Rio Ferdinand successfully completed a two-hour training session yesterday in the midday heat and will travel with the rest of the England squad for tomorrow's vital World Cup qualification tie away to Croatia. The 29-year-old defender's troublesome neck and back injuries – which prevented him training all last week – have responded to treatment and Ferdinand, who was moving relatively easily, is expected to resume his central defensive partnership with John Terry in Zagreb.
England – although aware that Ferdinand's back spasms can flare up unexpectedly as happened on the morning of the match against Macedonia in October 2006 – will need him. Having studied a DVD of Croatia's comfortable 3-0 victory over Kazakhstan, Fabio Capello spent much of yesterday's session organising his players to defend – more than attack – set-pieces, although there were precious few clues as to how his starting XI will take shape. It did appear to be more defensively-minded, which is understandable given both the calibre of opposition and the value of a draw. "We've worked on set-plays because they could be crucial," Theo Walcott said.
David Beckham was at times a peripheral figure – David Bentley appeared more involved in delivering free-kicks and corners – while there was some one-to-one work with Walcott which would suggest that the 19-year-old, with his pace, may retain his place. However, that would be unlikely if Joe Cole is selected and given Stewart Downing's poor showing on the left it's doubtful that the Middlesbrough winger can be expected to play.
In truth, Capello is still working on his permutations, although changes will be made with Beckham making a call for "experience" on what should be a white-hot night. And although Capello will have taken the soundings of his backroom staff last night he won't have fully revealed his own thoughts to them. The Italian will leave his final deliberations until tomorrow morning before flipping over his chart to reveal his team and formation to the players just prior to setting off to the Maksimir Stadium.
There England will face a Croatian side in buoyant, confident mood. Not just because of their purposeful showing at Euro 2008 and at the start of this season, but because of the growing maturity in what is still a relatively young team in a young nation. Slaven Bilic, although deprived of the Premier League pairing of Niko Kranjcar and Eduardo – spoke of it yesterday. "Since the Euros we are playing even better," the Croatian coach said. "There is no reason to suspect that we will now fall down. Our ball is rolling forward. We expect a great game on Wednesday. Against Kazakhstan we played as we planned, the only question was if our supremacy on the field showed on the scoreline."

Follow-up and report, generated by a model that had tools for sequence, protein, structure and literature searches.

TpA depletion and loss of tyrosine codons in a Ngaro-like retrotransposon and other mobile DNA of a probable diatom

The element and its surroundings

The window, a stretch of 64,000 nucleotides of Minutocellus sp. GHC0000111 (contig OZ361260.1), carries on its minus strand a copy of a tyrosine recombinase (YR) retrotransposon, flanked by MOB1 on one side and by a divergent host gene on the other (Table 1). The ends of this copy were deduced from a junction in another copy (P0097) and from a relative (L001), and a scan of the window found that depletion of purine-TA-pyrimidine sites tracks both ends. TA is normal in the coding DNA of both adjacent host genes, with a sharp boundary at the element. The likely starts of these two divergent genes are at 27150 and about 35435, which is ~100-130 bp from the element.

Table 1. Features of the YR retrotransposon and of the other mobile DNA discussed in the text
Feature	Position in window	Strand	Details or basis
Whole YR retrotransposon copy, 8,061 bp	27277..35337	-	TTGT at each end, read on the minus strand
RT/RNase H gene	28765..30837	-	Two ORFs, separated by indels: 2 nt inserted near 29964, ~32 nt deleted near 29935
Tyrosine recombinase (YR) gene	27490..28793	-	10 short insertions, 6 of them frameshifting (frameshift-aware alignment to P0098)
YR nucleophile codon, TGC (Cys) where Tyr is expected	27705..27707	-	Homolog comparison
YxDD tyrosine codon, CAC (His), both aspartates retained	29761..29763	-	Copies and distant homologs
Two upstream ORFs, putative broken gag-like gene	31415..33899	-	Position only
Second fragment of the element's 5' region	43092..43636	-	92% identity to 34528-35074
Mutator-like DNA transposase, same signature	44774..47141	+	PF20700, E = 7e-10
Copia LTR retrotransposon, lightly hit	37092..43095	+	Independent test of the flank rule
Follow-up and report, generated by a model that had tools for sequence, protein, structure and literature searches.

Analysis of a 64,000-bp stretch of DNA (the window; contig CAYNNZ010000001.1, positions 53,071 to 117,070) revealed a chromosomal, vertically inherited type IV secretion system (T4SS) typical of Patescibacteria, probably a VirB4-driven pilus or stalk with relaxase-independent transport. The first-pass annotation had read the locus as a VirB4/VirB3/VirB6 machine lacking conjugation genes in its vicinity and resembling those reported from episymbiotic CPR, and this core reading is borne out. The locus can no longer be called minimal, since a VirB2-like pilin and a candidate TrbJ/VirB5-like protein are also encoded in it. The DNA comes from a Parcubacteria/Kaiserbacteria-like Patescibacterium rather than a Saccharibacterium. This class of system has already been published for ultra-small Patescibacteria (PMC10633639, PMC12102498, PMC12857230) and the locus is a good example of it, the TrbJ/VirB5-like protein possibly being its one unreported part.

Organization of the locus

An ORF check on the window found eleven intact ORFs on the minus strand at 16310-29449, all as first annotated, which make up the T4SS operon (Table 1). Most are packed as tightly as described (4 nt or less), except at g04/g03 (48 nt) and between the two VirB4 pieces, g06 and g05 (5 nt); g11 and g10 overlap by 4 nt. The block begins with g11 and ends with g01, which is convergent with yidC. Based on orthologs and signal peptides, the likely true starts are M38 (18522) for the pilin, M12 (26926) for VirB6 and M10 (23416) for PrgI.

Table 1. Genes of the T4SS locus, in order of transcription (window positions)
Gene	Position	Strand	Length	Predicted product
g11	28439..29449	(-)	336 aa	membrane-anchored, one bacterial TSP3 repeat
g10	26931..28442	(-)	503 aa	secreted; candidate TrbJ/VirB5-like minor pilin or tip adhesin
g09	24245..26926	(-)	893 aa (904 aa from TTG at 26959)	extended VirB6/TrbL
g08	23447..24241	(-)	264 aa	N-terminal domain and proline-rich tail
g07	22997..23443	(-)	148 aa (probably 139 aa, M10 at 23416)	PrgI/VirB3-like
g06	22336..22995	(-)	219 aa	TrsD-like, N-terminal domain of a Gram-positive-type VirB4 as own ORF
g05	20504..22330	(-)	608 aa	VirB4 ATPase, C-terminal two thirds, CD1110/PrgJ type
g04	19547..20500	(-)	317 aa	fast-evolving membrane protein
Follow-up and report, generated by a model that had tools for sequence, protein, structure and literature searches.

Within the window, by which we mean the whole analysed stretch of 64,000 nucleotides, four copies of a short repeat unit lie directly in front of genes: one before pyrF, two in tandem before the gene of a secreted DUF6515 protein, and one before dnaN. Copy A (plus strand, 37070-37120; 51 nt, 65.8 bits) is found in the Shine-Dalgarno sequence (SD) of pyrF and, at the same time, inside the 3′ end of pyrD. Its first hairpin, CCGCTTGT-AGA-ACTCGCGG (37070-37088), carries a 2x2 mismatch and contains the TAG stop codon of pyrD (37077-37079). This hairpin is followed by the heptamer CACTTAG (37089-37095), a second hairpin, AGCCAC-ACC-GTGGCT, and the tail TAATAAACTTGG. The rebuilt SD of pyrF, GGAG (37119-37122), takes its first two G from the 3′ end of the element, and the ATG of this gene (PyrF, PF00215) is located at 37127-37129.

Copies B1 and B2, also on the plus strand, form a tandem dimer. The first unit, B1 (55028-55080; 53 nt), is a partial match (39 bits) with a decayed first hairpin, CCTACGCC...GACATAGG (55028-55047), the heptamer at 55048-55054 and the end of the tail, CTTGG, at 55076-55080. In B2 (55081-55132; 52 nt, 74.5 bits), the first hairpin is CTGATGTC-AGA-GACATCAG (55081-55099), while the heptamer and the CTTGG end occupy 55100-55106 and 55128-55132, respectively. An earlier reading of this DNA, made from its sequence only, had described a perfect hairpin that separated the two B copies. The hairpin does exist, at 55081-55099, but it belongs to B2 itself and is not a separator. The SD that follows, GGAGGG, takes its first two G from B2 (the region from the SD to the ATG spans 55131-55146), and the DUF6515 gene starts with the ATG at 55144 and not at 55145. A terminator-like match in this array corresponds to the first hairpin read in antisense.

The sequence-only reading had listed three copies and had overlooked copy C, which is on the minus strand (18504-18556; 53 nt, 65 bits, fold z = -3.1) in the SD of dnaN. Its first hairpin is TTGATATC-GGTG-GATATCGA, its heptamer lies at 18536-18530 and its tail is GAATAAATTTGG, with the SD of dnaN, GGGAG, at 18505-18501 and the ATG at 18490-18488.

Bilic, who has been on West Ham's short-list to become their new manager and is also wanted by Newcastle United, said of the interest from Upton Park: "It's great that I'm linked to the club from the best league in the world. But it doesn't make my work with the national team harder. In training we always make jokes. Players tease me to take them to England as well. The interest of West Ham is proof that we are doing a great job with the national team."
Croatia beat England twice, of course, in the Euro qualifying campaign and midfielder Luka Modric acknowledged they would face a team wanting "revenge". "They will be more prepared for us than before," he said. "In the last two games we played well against England and won, so it is down to us. But we are better and stronger than last time we played England. We have more experience and we play better as a collective now."
Walcott, who gained his third cap and his first start against Andorra, argued that his relative inexperience could be a plus in such an environment. "A lot of young players play without fear," the Arsenal midfielder-cum-striker said. "There is no pressure on them and they just go out and enjoy it." There had been words of encouragement from Beckham, even though Walcott had taken his place. "He just said, 'play like you train and everything will just come naturally'," Walcott said. "I just play with no fear; this is not going to bother me at all. I will treat it [Croatia] like any other game. I will just concentrate on my performance, it is the only thing I can do. I give the England team a different aspect by getting behind defenders. There are some world-class players who can play right wing, but I give them a different option. I am always trying to go behind defenders because the pace is there. It is like Cristiano Ronaldo, he came to Manchester United in his first year, showed some brilliant tricks and now he is 23 and the best player in the world. I am not saying I will be like Ronaldo, I will be myself."